- Demand to transact on the Ethereum blockchain has pushed fees to uncomfortable levels.
- A new technical proposal helps address high fees by implementing a dynamic pricing system.
- Called EIP 1559, Ethereum users would now pay a set “base fee” to the network plus a tip to miners.
- One technical observer calls it “the biggest change to any blockchain post-release.”
The cost to use Ethereum has increased some 500% since April. That’s not very helpful for people running programs on it.
And while average gas fees are not at the all-time highs seen in July 2018, the problem will need fixing if decentralized applications (dapps) can be run reliably on the world’s leading smart-contract blockchain.
A potential technical savior is on the horizon, however – and it’s not the Eth 2.0 overhaul or Rollups, the latest en vogue scaling solution.
Some Ethereum clients, the teams that maintain the blockchain’s software in various programming languages, are already working on implementations.
Introduced in April 2019, EIP 1559 has roots going back to an August 2018 paper on Ethereum’s price-auction model penned by Ethereum co-founder Vitalik Buterin. The EIP itself was co-authored by Buterin, in addition to Ethereum developers Eric Conner, Rick Dudley, Matthew Slipper and Ian Norden.
EIP 1559 tries to solve fee pressure by implementing “algorithmic price discovery,” according to Ethereum Foundation researcher Barnabé Monnot in a technical deep dive.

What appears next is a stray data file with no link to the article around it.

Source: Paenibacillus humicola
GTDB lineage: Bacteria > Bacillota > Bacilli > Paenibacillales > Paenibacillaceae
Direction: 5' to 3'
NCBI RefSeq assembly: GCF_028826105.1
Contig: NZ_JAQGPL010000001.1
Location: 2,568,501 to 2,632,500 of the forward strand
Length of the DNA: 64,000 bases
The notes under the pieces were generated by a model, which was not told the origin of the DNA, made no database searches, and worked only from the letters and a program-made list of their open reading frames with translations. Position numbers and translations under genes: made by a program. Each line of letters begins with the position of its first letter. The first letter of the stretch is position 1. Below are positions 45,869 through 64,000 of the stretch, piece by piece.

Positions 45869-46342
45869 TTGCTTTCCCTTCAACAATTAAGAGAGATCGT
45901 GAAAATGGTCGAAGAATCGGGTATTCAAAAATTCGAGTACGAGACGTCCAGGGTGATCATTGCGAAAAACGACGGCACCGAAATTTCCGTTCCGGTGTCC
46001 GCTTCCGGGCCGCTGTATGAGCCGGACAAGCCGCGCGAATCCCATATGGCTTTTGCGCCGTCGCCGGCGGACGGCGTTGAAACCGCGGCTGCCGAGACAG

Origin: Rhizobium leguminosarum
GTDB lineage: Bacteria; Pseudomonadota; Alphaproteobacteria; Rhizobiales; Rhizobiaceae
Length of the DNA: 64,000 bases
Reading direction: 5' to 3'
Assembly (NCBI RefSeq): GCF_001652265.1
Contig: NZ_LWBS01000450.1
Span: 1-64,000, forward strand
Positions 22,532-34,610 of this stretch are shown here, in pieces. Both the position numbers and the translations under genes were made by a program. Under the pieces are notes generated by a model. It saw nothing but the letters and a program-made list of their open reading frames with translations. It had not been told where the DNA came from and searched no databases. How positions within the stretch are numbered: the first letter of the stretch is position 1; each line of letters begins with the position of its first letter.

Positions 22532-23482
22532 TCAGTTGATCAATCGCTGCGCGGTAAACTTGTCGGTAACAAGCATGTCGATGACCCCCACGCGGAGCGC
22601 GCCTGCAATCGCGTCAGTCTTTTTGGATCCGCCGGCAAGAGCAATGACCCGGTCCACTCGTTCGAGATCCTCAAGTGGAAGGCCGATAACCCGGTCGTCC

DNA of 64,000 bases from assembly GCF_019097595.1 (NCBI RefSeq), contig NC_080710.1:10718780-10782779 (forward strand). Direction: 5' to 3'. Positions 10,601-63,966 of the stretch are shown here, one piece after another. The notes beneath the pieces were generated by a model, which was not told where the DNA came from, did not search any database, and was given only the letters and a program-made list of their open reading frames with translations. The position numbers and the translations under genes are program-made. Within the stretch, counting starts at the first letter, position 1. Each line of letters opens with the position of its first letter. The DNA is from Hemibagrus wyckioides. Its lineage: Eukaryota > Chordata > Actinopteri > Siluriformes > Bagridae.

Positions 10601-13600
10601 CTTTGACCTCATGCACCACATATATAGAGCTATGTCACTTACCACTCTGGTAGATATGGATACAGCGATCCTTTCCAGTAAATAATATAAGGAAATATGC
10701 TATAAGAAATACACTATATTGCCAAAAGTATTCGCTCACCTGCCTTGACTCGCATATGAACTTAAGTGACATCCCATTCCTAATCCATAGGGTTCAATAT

The EIP solves two problems at once by dynamically changing the size of blocks depending on the number of transactions in the queue between certain thresholds and by pricing out certain users when demand gets too high.
This is accomplished in two parts: a burnt base fee (BASEFEE) for transacting and a tip to miners.
The base fee will reside at a set level, depending on network conditions, while the tip compensates miners for their work and can be increased to “skip” the transaction line – a nice feature of current blockchain networks that helps alleviate congestion.
Think of it like a regulated highway that can open and close lanes as needed. Plus, there’s a fast-pass lane someone can pay for if they need to scoot in an emergency.
The configuration also helps during moments of bottleneck where it’s near impossible to settle a transaction. To date, this has happened twice: once with the rise of CryptoKitties in 2017 and more recently, on March 12 (or “Black Thursday”) when the price of ether (ETH) dropped by more than 30% in 24 hours, creating a mad dash to exit various Ethereum-based applications.
Not everyone wants to throw the baby out with the bathwater. Etheruem has a fee problem, but that doesn't mean you have to dump the current model entirely.
EIP 2593, written by MetaMask developer Dan Finlay, proposes an “escalator algorithm” that allows users to change their fee structure based on their relative needs. In short, the EIP lets a user fine-tune a transaction fee to the lowest amount possible by slowly escalating the transaction fee until a miner decides to incorporate it into the next block. (A more thorough breakdown of EIP 2593’s pros and cons can be found here.)